November 10-15

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ACR Convergence 2023

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Home // Gaylis award for community rheumatologist research grant to be available in 2016

Gaylis award for community rheumatologist research grant to be available in 2016


2 minutes

Next year, rheumatologists in community practice will be eligible for a new award from the Rheumatology Research Foundation.

15_ACR_D2_S1_Pg24_FDN Gaylis Award
Norman B. Gaylis, MD

Thanks to a $1 million commitment, the Norman B. Gaylis, MD, Research Award for Rheumatologists in Community Practice will provide them support to test theories based on their own observations.

For four decades, Dr. Gaylis has cared for patients with rheumatic disease and conducted research in his office. As president of Arthritis and Rheumatic Disease Specialties in South Florida, he has seen the benefits that clinical research studies have had on his patients. He has also experienced the challenges that come with conducting clinical studies and how they are funded.

“This new grant will give rheumatologists more freedom than a study that is controlled, directed, and created by someone else who has defined the goals and the endpoints,” Dr. Gaylis said. “This research can be generated and controlled by the rheumatologists themselves.”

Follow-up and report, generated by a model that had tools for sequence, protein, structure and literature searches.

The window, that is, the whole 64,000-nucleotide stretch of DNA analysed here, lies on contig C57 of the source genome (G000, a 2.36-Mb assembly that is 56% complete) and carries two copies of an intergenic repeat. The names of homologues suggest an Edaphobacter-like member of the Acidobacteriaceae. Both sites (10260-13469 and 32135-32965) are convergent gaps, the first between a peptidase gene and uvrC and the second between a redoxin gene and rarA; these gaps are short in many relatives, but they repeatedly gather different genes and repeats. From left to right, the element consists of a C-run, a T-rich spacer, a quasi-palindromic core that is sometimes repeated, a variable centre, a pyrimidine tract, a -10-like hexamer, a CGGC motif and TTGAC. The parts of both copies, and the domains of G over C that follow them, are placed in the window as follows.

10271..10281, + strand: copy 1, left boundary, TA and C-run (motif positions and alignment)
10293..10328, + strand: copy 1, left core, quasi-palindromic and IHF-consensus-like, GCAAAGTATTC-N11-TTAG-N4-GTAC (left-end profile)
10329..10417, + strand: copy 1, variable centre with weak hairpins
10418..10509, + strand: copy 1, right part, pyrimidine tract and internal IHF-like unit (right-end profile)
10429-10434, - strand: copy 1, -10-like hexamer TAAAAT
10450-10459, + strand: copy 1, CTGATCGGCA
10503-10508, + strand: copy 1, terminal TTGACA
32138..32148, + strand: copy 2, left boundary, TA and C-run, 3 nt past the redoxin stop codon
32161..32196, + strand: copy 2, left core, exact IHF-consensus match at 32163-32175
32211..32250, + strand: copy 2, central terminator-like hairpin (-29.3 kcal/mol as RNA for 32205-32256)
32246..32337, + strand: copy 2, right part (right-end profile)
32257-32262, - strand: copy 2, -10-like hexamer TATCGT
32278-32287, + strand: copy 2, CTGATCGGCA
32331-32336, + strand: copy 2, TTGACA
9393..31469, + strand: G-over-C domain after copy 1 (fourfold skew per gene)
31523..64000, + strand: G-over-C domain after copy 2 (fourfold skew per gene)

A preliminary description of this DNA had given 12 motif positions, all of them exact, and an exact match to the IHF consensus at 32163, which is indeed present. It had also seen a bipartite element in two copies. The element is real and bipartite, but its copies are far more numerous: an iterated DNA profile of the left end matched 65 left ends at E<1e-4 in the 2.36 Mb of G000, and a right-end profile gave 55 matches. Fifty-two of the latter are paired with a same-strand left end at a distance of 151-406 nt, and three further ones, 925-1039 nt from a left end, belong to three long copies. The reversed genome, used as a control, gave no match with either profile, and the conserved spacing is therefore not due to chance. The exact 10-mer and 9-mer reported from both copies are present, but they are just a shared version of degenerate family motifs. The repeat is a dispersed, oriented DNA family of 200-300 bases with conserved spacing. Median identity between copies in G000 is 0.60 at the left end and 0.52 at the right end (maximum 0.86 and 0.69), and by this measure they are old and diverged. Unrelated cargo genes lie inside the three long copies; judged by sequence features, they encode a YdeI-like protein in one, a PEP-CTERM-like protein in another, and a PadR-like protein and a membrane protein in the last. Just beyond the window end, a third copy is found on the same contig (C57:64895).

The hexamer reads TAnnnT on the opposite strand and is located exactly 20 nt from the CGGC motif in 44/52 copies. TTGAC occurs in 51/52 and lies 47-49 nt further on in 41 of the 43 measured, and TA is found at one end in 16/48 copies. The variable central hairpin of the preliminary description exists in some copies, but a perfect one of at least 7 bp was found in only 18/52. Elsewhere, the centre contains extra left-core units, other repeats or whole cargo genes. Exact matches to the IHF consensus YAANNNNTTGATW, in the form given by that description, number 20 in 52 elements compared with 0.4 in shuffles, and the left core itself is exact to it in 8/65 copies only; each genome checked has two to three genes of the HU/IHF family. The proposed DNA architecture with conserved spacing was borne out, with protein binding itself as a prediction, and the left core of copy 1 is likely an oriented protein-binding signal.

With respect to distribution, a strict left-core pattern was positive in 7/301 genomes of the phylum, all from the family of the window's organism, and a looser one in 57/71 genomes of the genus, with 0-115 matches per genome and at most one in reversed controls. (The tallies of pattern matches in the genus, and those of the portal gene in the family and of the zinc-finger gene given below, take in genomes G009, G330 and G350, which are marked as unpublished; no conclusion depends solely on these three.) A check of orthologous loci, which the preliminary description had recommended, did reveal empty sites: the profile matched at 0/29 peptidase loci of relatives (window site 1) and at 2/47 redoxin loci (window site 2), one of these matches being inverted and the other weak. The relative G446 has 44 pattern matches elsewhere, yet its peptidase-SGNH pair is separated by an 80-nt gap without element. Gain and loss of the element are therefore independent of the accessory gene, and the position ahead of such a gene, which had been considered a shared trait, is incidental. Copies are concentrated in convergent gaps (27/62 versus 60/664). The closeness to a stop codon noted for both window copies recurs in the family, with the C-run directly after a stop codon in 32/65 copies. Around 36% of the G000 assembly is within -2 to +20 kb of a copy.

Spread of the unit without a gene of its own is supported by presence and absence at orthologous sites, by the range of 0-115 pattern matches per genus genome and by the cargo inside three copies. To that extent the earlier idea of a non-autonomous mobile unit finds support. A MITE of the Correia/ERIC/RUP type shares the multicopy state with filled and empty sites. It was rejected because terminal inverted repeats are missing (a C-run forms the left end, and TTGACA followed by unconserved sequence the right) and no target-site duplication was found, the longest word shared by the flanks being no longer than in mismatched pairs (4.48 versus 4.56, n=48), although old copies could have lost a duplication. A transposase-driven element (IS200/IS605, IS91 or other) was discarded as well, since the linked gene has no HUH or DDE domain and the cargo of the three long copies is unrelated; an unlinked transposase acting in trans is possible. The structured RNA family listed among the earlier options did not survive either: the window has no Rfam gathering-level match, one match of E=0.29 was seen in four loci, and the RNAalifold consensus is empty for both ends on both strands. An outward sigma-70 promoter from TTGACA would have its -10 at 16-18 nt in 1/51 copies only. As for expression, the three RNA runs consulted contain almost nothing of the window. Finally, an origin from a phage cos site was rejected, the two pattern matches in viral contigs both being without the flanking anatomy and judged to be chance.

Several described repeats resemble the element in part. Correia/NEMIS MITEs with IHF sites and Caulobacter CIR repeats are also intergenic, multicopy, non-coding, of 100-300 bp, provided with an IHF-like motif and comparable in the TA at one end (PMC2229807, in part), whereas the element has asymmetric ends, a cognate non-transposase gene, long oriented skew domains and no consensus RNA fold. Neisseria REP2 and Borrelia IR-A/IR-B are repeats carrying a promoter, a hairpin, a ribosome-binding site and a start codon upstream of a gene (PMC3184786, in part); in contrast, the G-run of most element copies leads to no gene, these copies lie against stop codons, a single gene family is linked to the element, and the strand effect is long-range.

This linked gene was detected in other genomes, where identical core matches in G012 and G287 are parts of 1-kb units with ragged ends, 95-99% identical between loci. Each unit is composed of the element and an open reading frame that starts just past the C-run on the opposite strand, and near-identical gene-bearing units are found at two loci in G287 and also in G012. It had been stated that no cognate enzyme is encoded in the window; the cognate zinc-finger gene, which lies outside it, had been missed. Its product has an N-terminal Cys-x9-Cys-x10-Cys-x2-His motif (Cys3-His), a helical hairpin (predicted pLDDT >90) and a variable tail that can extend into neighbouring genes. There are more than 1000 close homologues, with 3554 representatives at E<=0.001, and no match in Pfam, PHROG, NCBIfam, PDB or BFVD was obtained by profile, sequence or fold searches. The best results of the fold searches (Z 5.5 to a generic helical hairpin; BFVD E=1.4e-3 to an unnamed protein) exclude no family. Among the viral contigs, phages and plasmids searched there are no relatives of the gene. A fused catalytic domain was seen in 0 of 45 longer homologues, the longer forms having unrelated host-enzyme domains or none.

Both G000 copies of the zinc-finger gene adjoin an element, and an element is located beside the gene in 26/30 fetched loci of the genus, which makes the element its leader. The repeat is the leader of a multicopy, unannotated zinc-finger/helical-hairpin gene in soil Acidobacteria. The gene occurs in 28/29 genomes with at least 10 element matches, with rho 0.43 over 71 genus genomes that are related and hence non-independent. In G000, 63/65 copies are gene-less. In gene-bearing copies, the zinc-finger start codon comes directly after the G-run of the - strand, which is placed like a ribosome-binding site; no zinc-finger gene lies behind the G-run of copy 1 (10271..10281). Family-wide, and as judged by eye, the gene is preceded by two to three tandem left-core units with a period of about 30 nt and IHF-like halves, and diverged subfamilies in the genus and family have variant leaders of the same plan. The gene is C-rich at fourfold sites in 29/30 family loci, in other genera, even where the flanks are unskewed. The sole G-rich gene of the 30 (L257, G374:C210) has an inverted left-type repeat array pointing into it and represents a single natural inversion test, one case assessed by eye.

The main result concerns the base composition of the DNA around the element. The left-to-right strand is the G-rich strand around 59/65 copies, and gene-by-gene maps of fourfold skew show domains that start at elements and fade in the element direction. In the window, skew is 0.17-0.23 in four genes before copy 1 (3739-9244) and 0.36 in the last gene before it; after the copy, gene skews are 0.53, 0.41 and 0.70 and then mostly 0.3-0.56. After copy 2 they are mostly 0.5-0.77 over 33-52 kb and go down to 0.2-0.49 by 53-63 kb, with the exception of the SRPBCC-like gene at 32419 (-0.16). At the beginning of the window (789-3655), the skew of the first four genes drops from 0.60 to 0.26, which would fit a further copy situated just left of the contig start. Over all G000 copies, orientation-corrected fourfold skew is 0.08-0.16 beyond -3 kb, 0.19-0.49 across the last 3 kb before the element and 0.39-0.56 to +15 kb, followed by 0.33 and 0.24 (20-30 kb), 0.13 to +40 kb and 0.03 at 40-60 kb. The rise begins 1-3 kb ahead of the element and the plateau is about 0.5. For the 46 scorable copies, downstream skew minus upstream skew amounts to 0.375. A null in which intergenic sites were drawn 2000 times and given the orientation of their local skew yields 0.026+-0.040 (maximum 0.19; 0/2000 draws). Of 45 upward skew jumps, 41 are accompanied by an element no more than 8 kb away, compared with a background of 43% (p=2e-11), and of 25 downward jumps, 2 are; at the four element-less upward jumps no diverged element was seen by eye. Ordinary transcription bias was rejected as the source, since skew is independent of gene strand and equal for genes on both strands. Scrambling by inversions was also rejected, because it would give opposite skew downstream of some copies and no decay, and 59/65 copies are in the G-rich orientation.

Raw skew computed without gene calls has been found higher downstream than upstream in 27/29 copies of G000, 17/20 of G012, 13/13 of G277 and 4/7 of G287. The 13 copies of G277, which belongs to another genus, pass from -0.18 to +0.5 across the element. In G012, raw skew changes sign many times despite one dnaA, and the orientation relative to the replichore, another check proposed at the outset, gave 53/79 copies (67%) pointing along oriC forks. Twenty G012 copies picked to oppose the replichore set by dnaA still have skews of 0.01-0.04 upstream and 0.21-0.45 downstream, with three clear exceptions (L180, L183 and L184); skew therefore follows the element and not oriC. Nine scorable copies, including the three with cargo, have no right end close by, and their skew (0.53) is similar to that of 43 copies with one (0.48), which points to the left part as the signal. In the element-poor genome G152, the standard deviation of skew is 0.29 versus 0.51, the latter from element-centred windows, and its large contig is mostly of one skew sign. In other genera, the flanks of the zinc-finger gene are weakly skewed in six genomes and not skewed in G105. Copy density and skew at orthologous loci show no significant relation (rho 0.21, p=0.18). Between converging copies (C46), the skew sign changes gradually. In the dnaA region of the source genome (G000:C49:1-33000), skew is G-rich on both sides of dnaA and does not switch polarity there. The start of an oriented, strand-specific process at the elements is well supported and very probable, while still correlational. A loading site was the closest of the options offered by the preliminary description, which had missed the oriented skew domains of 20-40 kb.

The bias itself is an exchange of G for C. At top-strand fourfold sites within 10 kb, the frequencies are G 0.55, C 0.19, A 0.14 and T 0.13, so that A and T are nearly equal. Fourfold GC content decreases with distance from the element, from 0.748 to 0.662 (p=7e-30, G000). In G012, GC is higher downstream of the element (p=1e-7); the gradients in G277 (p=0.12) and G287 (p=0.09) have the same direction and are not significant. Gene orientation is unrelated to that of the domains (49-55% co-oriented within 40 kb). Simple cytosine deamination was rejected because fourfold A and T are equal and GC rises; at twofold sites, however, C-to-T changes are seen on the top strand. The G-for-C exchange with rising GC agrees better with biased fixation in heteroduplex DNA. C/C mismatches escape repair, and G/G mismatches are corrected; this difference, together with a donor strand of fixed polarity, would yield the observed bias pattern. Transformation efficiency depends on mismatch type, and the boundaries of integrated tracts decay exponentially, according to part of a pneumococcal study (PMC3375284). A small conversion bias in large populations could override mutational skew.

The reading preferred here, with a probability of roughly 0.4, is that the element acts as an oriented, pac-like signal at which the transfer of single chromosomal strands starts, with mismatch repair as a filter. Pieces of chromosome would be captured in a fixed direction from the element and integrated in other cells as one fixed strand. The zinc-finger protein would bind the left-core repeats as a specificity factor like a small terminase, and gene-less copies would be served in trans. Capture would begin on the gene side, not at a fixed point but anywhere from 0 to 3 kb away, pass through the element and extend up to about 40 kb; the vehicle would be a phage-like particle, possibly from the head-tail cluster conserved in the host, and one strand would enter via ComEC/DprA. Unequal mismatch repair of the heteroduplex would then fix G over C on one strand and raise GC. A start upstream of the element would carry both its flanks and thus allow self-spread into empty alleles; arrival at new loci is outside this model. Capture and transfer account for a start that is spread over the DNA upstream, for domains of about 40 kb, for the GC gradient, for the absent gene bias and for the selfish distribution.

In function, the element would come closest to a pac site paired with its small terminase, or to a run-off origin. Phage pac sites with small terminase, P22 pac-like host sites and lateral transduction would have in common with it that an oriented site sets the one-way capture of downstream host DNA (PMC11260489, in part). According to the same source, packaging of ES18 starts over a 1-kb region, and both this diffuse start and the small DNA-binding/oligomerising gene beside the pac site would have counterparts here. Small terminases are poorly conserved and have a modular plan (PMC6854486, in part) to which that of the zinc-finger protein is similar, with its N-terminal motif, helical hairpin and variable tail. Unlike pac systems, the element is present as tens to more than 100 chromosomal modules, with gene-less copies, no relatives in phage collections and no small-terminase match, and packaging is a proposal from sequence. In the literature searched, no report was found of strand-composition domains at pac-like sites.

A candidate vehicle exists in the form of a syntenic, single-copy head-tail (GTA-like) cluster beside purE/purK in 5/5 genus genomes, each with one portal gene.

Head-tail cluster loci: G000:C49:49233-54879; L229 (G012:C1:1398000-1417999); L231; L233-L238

Dr. Gaylis says community rheumatologists have unique perspectives and “day-to-day exposure and relationships with patients that allow them to notice patterns and nuances that others might not have.

“We get ideas and want to dig deeper to find out if they will help us better treat our patients. But it’s very difficult, with the resources available, to find the money and time to do this in a disciplined fashion,” he said.

Dr. Gaylis has been the principal investigator on more than 200 clinical trials testing new pharmaceutical products for treating various rheumatic diseases, including rheumatoid arthritis, lupus, and gout. Most of the funding for his trials has come from pharmaceutical companies.

“I’m very grateful to pharma for supporting some of the studies I’ve done. But the reality is that these studies are always supported by someone with a vested interest. It’s very rare to find a source of funding without it,” he said.

Having experienced the excitement and gratitude that comes from the ability to conduct research, he agreed with the Foundation’s goal to provide that opportunity to fellow rheumatologists. Dr. Gaylis hopes the award will not only encourage community rheumatologists to explore other aspects of the field, but also bring recognition to the important role that clinicians play in the specialty.

“We’re not generally the ones who announce the discoveries or win the awards,” he said. “We’re the ones who get calls in the middle of the night from patients whose medication isn’t helping.”